Biotechnological products are increasingly being used as cleaning agents. Organisms naturally produce molecules which can "dissolve" (emulsify) fats in water, thereby degreasing surfaces. These "biosurfactants" are effective, often have a lower toxicity than chemical solvent treatments or chemical surfactants, and pose less threat to the workers using them and to the environment. One British contract cleaning firm has noticed a significant reduction in the numbers of minor injuries, and the sick leave taken by staff using biotech cleaning products in comparison to the levels noted when traditional chemical agents were used.

Where biotechnology has had a profound influence on industrial practice already is in waste treatment. Biological liquid effluent treatment plants are already used by a large number of companies, particularly in the food industry. They are well understood by their suppliers, and have a good track record. Increasingly companies, however, wish to extract value from waste. This can be done on liquid waste using anaerobic digestion (AD) which converts organic contaminants into methane and carbon dioxide. The methane can be cleaned and burned to produce heat and power. Production of power from AD attracts a premium electricity tariff as the Government is actively supporting the generation of "renewable" sources of energy, thus providing a double benefit to industry.

Solid waste can also be treated anaerobically to produce methane, or it can be composted to produce a stable, pasteurised product that may have agricultural and horticultural value. With the increase in landfill charges, industry is increasingly looking for ways of reducing the costs of waste disposal. "Sirocco", a portable composting plant that can be operated at most industrial sites, has recently been developed with support of the Department of Trade and Industry (DTI) and The BOC Foundation for the Environment. This enables companies to reduce the volume of waste discharged to landfill and, depending on the quality of the waste, even allow the production of material which has some commercial resale value.

Increases in the incidence of asthma, the deterioration in urban air quality, and concern for global warming have focused national attention on air pollution. As a result, sources of air pollution are being more stringently controlled. Cars must be fitted with catalytic converters, "low emission" buses and electric trams are favoured, the UK Government is encouraging the use of public transport and legislation is restricting gaseous emissions from industry. Many industries must now control their air pollution, particularly their emission of Volatile Organic Compounds (VOCs) and odours. Controlling air pollution will be costly for many industrialists, although biotechnology can provide a cost-effective alternative. For high concentrations of VOC (>3.0gC/m3 air) incineration, thermal oxidation is reliable, cost-effective and has an excellent track record. The heat energy from the combustion can be reclaimed and used within the factory. Below this concentration, fuel has to be added which increases operating costs substantially making cheaper alternatives such as biotechnology more attractive. For a waste stream containing 2.0gC/m3 air or less, biotechnology is often 20-30 percent cheaper in capital costs and >50 percent cheaper in operating costs.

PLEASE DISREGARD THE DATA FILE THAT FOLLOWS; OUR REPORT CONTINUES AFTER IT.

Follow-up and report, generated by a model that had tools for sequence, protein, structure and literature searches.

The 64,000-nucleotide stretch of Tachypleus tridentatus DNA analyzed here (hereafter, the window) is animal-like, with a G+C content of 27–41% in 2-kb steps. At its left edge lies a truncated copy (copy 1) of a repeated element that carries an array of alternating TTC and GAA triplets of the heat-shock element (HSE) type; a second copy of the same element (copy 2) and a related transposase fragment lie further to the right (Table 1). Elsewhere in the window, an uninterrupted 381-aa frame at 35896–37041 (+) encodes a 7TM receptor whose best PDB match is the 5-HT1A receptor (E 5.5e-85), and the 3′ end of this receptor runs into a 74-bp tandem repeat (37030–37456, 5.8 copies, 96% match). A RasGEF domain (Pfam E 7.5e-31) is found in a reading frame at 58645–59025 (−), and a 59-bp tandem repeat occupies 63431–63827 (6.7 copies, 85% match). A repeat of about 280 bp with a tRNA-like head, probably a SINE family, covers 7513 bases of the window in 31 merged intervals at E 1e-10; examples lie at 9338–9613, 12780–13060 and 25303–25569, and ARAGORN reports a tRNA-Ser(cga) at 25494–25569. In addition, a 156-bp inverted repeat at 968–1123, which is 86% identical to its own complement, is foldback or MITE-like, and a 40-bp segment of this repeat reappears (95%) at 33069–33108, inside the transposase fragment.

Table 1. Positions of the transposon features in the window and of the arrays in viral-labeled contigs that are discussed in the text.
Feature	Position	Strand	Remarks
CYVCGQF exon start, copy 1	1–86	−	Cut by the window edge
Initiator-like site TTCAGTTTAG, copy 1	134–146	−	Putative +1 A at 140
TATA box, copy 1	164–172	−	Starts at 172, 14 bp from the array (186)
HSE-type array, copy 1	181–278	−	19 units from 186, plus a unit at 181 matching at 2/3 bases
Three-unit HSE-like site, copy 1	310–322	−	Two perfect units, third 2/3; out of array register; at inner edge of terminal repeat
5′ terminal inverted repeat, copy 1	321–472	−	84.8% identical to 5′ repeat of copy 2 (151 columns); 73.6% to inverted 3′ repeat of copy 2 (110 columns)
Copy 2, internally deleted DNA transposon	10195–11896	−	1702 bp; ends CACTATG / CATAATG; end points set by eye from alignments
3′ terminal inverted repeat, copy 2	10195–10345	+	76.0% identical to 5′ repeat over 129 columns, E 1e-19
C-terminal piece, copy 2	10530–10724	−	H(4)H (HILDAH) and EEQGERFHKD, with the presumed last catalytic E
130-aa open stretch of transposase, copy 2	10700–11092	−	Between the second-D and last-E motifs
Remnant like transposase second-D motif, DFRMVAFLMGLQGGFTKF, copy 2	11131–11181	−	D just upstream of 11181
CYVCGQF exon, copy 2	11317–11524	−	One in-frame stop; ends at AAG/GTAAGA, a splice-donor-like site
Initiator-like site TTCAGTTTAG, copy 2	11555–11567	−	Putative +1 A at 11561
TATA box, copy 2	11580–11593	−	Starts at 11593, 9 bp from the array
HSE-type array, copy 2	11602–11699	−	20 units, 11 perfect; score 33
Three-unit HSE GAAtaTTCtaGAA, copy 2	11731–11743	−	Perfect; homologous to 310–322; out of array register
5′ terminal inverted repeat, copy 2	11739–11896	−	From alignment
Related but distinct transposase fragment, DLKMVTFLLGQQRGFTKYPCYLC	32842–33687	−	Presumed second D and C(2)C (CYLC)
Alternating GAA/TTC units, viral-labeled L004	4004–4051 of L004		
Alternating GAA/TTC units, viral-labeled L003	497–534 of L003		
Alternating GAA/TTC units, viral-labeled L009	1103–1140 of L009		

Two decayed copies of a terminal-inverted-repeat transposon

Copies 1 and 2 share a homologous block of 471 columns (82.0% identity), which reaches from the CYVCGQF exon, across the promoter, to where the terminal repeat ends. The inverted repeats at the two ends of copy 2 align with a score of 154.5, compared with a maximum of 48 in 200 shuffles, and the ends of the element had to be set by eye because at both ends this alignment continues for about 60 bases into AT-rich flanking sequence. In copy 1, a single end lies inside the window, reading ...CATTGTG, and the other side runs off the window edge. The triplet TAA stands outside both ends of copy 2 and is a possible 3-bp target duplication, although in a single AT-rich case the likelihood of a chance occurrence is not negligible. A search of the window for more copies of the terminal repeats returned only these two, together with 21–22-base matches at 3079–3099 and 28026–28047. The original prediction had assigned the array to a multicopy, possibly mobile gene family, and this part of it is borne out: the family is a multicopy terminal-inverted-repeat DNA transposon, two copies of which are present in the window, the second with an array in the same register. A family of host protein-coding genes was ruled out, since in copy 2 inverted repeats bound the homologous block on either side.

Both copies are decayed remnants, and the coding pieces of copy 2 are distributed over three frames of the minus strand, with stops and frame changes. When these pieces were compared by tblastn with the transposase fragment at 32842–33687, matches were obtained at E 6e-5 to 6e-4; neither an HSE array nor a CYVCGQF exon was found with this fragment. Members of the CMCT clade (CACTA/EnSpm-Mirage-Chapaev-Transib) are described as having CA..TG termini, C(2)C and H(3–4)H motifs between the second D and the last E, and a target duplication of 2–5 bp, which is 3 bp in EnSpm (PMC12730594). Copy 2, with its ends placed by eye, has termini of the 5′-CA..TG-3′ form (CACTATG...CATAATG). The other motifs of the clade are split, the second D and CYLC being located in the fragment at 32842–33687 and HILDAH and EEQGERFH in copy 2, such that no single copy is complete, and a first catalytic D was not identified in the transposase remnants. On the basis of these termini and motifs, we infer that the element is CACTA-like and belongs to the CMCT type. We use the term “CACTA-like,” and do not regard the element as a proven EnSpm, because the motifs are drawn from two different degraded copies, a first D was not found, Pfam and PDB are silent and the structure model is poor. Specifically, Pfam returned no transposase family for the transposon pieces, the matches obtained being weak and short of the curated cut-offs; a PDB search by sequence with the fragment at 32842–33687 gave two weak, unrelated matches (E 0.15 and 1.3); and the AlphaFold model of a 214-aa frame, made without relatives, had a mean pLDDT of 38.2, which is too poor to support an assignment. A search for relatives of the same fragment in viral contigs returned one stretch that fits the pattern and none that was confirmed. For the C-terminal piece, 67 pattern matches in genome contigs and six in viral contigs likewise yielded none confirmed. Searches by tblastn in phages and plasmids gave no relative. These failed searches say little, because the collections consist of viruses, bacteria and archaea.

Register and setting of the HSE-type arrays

Established, reputable companies with a good track record of installing successful biotechnological devices to treat both VOCs and odour operate in the UK. They supply one or more of the following types of devices: a biofilter, a biotrickling filter or a bioscrubber. Each device is tailored to different type of emission. A biofilter is best suited for low concentrations of pollutants, whereas a bioscrubber can treat high levels rapidly. The biotrickling filter treats the middle range of contaminants effectively and is becoming increasingly popular. Biofilters are already used at a large number of sewage works in the UK to control odour. Biotechnology is also being used to treat air pollution in the food industry, shoe manufacture, the printing industry, electronics and a range of other businesses.

Finally biotechnology is increasingly being used to recycle contaminated land and treat groundwater. The UK Government has set challenging targets for the re-use of urban brownfield sites. At the moment, most sites are cleaned by removing the contaminated soil into landfill sites. Although effective in the short term, this approach it is not sustainable in the long term. Biotechnological solutions have been developed (often termed "bioremediation") to treat land and groundwater in situ. These approaches result in the cleaning of the soil and allow the sites to be re-used safely for new housing and businesses. When living on a small island, this sustainable approach is important if the cities are to be continuously renewed.

In summary, I hope in this article I have been able to demonstrate that biotechnology is not only about the production of GM products. It offers a wide range of solutions to many industrial problems, potentially increasing productivity and reducing the environmental consequences of industrial activity. Its successful exploitation may be as central to UK business in the next century, as chemical technology was in the early 1900s.

For free independent advice on how biotechnology could help your business please contact The DTI's BIO-WISE helpline on 0800 432100, or visit the Website (

Richard P.J. SwannellNational Environmental Technology Centre, AEA Technology Environment, Culham, Abingdon, Oxfordshire, UK